This is one of Patricia Wentworth’s Miss Silver novels, of which I am very fond. Miss Silver herself is a character whose solid morals and Edwardian values stand her in good stead for the detection of crime. A little like Agatha Christie’s Miss Marple, Miss Silver is an unlikely detective, being a middle-aged former governess with a genius for getting on with people or encouraging them to confide in her. I must say that I find her involvement in crime a little more plausible than Miss Marple’s, in that she’s known to be a private enquiry agent, and is called in to a case when her clients (generally) are facing possible arrest. There are exceptions to this, usually where Miss Silver is on holiday, and falls into investigating, but there aren’t so many of these as you might expect.
Hodder & Stoughton have reissued most of these books recently, and I’ve been buying and reading them since 2007. Danger Point, however, is not one of the reissued novels and so I bought this second-hand from a dealer in Guernsey (incidentally the parcel came festooned with Guernsey stamps, some dating back to 1981!).
It tells the story of Lisle Jerningham (whose name is familiar to me, since she’s mentioned several times in a number of the other books), and is one of the earlier Miss Silver books (set in 1939). Miss Silver first encounters Lisle on a train: the younger woman has been utterly shocked and distressed by a spiteful comment which seems to suggest that her recent near-drowning may not have been an accident, and may have been engineered by her husband, Dale. So far, so Lonesome Road. This book is different, in that Miss Silver is not called in by Lisle (or anyone else), and enters the case through her own curiosity. As a result, she adds very little to the unravelling of the case, except to give a couple of pieces of advice to Lisle, which are ignored, and help Inspector Randal March do the little detection involved.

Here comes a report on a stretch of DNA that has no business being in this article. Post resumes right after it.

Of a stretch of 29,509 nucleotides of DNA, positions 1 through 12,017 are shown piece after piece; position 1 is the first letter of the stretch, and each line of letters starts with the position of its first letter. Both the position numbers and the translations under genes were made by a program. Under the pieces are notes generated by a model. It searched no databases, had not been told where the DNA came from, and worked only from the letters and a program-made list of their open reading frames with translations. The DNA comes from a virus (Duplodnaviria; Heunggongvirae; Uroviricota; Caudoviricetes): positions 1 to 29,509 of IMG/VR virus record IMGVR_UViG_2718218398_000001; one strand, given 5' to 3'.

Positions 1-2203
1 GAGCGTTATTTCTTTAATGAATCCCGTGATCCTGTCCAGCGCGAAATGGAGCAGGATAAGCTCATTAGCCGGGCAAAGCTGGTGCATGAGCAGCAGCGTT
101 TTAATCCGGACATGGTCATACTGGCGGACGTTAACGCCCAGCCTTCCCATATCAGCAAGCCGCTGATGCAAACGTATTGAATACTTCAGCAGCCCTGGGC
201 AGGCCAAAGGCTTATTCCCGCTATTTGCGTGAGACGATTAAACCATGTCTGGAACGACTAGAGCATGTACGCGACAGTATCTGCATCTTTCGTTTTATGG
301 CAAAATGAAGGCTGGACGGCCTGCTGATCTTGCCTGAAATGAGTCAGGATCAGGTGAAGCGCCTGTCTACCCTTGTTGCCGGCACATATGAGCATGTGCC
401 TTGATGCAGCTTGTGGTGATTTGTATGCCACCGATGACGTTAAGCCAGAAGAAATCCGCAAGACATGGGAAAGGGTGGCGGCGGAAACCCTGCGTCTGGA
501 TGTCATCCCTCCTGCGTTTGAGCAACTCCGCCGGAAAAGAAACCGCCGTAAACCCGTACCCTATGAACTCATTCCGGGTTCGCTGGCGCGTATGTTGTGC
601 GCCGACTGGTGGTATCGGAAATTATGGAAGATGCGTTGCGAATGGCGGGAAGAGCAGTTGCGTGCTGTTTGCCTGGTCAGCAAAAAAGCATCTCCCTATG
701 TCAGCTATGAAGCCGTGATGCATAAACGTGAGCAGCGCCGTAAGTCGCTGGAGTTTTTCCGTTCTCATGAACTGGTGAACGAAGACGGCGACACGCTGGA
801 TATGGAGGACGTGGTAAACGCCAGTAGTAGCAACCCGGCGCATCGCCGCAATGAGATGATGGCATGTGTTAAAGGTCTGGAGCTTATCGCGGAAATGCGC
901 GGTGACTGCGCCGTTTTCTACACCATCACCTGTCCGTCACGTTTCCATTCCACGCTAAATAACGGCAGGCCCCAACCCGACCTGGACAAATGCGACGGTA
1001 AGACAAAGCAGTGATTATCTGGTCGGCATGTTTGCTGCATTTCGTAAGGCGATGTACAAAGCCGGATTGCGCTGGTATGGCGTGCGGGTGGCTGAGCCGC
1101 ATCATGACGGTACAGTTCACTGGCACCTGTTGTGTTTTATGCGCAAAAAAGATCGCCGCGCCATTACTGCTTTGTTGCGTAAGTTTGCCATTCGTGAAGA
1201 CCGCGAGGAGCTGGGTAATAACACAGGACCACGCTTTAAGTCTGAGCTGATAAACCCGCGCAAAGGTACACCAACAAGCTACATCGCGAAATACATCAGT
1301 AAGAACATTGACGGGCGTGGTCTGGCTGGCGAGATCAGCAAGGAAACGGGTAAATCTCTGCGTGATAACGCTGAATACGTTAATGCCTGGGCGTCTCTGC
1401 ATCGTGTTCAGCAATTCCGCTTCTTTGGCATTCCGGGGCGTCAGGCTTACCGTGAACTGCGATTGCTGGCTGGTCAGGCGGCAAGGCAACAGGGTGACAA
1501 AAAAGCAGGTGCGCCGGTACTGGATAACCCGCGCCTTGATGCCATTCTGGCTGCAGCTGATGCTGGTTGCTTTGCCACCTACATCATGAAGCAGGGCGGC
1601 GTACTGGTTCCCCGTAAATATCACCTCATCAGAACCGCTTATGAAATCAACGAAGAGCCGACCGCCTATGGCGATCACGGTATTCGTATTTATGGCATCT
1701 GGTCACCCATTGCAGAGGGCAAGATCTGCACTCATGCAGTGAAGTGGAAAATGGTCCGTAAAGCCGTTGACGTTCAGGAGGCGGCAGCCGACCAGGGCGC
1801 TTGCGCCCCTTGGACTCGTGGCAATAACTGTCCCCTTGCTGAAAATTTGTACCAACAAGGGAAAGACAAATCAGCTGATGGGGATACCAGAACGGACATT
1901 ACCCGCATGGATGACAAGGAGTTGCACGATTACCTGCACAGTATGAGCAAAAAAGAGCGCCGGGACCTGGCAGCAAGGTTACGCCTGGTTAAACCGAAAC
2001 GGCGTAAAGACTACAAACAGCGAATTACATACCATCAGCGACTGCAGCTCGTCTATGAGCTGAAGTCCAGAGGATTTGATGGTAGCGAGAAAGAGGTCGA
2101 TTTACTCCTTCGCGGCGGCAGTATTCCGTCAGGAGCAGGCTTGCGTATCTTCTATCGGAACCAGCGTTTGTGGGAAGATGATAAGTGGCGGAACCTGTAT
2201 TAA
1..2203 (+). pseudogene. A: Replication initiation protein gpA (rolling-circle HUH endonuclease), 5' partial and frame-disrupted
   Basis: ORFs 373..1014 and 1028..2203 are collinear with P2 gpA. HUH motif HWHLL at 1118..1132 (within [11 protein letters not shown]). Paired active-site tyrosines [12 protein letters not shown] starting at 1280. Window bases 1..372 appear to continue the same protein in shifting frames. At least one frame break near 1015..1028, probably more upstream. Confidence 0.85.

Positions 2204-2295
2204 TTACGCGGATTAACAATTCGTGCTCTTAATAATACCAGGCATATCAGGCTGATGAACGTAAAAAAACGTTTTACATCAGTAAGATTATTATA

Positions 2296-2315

As a result, it’s more of a character study than a detective novel, and the four main characters are very sharply drawn: Lisle, an heiress, a scrupulous, gentle, kind young woman; Dale, her husband, who is obsessed with his home, Tanfield; his cousin Rafe, mocking and witty, but kind and intelligent; and their cousin Alicia, who is pretty, jealous of Lisle, and in love with Dale. The plot certainly wouldn’t win any awards for originality or surprise (particularly since I’ve read The Chinese Shawl), since it’s fairly obvious from the beginning who the villain of the piece is, but it’s an interesting read nonetheless. The setting is well-described, and its picture of an England on the brink of war is delicately evoked.
I’m still intrigued about mention of the poisoned caterpillars, though…